What’s it like to ride?
Annoyingly easy once it’s live and you’ve selected a rider map to use. Keep the key fob in your pocket once you’ve used it to unlock the bike. There’s a knob to twist, a brake lever needs pulling in while you select the riding map and confirm your choice with a double tap, and after that the throttle is live and you’re ready to go. It’s every inch a traditional step thru scooter; your feet sit flat in front of you and your legs are nicely shrouded from the elements.
In Sport mode a big twist on the lightweight throttle means useable movement rather than the visceral violence a Zero or one of the bigger electric bikes dishes out. If anything, I’d hoped for a little bit more zap off the lights but as it was, there was no danger of being swallowed up by the traffic. It silently and efficiently makes its way to 30mph, which is enough for most modern cities.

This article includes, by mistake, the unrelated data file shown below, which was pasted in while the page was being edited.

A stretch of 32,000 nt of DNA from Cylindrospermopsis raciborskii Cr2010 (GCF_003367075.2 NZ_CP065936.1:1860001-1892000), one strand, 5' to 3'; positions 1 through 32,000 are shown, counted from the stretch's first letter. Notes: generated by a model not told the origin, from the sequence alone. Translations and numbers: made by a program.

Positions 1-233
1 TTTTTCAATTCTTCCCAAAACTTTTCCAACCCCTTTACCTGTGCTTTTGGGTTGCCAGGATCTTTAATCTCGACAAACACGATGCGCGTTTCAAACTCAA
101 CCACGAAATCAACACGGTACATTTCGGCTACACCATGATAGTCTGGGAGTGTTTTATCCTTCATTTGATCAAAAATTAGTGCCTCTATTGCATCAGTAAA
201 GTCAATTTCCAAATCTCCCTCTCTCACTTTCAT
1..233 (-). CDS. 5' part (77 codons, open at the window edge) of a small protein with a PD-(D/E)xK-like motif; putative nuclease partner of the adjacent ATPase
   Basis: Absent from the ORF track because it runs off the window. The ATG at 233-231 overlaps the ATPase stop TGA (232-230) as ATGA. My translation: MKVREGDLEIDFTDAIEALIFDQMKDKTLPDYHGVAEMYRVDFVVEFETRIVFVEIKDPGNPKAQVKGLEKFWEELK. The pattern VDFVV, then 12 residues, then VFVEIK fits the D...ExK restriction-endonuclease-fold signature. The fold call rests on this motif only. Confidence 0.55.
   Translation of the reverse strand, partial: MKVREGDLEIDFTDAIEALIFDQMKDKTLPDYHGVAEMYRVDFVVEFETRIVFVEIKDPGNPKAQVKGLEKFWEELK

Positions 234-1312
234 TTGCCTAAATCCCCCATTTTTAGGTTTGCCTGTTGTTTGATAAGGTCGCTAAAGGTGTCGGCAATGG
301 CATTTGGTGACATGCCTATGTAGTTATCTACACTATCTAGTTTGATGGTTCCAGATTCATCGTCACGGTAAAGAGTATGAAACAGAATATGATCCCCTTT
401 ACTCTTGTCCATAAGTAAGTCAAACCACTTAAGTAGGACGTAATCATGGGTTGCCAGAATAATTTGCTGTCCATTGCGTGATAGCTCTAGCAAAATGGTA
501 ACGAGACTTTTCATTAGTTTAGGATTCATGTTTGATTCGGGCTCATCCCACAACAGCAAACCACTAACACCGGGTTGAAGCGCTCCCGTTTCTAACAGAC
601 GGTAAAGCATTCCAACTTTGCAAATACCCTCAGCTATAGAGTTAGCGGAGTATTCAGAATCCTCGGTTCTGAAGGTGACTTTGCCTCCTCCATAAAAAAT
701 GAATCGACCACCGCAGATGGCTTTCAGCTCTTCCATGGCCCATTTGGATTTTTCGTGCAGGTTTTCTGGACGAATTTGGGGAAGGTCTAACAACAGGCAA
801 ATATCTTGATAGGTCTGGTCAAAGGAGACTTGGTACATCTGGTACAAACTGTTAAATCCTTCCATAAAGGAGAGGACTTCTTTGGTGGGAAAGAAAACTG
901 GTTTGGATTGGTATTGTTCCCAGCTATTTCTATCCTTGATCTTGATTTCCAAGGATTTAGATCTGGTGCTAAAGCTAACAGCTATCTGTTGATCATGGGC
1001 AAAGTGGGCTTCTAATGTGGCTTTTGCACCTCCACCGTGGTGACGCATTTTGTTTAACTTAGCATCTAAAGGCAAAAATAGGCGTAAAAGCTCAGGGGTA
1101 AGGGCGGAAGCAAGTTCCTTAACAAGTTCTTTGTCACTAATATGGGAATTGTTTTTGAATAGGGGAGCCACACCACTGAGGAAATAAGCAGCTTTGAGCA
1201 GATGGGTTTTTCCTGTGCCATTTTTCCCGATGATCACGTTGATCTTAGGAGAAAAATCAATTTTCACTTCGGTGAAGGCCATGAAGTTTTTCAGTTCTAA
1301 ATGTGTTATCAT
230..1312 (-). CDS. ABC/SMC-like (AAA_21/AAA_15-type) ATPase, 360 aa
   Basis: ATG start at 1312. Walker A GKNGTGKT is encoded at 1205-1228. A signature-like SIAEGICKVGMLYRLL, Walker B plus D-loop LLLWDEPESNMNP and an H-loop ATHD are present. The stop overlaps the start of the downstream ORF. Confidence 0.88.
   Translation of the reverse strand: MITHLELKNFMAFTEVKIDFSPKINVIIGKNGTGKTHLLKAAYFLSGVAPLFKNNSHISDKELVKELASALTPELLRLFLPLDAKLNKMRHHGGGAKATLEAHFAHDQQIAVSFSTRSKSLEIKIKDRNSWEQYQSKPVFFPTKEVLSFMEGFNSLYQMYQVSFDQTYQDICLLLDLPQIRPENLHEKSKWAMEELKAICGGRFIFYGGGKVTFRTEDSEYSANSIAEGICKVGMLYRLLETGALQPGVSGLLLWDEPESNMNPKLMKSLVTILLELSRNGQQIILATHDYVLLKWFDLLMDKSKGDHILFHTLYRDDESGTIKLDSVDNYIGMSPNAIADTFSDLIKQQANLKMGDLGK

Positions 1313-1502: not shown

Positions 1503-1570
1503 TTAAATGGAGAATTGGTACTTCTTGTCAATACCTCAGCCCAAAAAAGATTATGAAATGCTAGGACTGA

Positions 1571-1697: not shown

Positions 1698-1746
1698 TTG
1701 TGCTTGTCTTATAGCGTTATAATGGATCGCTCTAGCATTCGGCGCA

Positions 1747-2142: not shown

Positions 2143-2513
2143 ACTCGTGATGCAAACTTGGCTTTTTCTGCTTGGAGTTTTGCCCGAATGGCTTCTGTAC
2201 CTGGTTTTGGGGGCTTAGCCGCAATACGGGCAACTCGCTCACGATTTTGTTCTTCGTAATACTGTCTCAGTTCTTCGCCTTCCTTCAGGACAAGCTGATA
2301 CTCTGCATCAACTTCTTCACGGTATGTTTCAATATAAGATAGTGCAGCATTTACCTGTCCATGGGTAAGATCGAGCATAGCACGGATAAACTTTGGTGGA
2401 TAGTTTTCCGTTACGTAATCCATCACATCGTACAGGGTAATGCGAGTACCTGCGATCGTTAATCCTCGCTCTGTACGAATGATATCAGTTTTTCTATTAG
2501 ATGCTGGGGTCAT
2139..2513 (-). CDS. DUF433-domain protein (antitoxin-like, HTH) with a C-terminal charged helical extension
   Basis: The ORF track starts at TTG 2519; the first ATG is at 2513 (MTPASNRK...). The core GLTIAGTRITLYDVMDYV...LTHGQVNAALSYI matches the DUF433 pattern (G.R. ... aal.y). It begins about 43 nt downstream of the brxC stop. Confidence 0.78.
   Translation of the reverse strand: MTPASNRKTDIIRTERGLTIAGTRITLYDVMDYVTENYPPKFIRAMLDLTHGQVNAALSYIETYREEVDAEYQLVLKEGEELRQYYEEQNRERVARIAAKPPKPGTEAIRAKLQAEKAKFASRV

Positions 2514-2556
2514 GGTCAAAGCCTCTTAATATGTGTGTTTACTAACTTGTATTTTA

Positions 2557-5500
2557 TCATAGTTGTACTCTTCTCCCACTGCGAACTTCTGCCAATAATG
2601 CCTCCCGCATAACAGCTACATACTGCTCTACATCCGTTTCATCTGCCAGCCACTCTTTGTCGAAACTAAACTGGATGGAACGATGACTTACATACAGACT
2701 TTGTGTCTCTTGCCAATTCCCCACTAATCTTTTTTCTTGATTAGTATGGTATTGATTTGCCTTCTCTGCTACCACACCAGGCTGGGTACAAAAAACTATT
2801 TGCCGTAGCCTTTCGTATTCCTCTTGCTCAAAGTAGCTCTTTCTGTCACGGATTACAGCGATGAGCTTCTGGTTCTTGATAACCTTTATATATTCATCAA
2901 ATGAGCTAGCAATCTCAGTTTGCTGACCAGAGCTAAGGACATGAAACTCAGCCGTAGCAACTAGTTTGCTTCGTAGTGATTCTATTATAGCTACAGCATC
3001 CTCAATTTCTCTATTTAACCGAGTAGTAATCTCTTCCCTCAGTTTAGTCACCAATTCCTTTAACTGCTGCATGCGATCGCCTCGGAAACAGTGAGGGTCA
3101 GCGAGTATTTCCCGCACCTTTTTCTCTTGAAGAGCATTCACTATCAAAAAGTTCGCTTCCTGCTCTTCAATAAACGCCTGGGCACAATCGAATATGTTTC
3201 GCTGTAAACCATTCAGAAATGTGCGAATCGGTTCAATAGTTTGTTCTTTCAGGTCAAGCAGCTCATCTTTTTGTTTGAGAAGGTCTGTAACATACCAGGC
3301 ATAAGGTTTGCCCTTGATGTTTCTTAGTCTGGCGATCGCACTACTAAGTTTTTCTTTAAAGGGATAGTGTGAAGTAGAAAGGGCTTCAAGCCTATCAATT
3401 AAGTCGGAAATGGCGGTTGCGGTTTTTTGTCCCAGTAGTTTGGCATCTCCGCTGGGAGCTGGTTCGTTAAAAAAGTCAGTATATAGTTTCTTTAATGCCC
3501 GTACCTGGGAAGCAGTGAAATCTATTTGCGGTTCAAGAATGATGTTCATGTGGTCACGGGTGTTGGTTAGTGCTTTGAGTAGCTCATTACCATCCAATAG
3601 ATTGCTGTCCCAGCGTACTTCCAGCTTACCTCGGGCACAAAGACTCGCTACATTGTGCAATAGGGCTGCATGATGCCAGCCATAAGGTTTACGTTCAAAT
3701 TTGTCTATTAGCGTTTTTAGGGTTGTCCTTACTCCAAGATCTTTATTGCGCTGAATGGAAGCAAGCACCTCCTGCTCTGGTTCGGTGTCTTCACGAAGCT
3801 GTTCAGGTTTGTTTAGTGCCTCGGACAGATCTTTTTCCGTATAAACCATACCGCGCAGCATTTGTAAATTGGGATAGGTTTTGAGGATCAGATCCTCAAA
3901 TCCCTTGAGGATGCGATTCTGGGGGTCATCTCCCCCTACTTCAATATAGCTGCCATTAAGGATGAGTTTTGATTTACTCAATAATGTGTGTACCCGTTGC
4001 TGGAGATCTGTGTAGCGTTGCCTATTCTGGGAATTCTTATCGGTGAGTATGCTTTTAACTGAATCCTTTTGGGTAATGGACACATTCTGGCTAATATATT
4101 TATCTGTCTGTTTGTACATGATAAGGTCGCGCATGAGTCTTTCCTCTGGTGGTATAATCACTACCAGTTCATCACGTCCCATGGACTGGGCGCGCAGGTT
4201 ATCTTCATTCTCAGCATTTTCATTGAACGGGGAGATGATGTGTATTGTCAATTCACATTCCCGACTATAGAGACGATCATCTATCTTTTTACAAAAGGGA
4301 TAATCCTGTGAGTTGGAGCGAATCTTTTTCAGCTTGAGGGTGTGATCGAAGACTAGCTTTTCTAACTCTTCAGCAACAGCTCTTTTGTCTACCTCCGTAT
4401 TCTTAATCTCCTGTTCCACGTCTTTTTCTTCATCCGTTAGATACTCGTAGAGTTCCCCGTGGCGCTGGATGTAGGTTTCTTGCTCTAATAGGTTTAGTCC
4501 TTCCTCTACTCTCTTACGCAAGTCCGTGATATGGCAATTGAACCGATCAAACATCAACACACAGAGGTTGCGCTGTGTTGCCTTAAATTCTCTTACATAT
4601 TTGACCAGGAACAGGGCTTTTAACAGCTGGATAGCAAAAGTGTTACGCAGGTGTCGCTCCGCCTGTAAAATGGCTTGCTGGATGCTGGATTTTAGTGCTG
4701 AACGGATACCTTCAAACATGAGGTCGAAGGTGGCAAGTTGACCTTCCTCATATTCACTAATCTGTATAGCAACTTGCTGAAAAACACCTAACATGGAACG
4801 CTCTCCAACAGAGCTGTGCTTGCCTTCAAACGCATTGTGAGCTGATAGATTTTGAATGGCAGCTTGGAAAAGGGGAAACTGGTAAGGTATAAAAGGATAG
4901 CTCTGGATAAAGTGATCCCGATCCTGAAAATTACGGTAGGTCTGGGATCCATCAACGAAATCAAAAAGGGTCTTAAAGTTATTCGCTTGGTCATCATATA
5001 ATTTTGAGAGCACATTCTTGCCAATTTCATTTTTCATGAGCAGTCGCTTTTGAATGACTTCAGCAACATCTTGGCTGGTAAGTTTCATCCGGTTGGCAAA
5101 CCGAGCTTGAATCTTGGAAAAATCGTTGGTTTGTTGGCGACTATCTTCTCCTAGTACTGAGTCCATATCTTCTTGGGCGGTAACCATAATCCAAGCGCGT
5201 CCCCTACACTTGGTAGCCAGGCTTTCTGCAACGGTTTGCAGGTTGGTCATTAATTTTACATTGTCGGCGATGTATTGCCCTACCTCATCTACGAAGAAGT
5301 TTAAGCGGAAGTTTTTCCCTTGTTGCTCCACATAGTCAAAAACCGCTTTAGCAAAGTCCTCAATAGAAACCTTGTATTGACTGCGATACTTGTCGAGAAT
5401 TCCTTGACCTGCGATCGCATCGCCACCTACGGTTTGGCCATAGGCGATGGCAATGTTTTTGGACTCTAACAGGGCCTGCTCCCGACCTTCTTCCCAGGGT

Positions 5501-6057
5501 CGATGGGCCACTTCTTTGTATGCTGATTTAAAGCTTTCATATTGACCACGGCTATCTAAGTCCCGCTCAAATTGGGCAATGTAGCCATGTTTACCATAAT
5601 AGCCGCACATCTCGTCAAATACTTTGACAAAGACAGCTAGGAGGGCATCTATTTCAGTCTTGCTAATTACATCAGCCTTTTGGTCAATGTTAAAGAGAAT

There’s next to no drive train whine, but what’s more impressive is the lack of creaks and groans from the chassis or suspension. Naturally this could be because our test bike was weeks (rather than months) old, but it’s only when you’ve coasted along in neutral on hundreds of new bikes that you realise how many chassis sounds are masked by internal combustion.
I’m 5’11 and 14.5 stone and the Piaggio 1 was more than happy to accommodate me, aside from the odd full lock manoeuvre to get around a stationary car in front, which could have me knocking my own knees with the handlebars.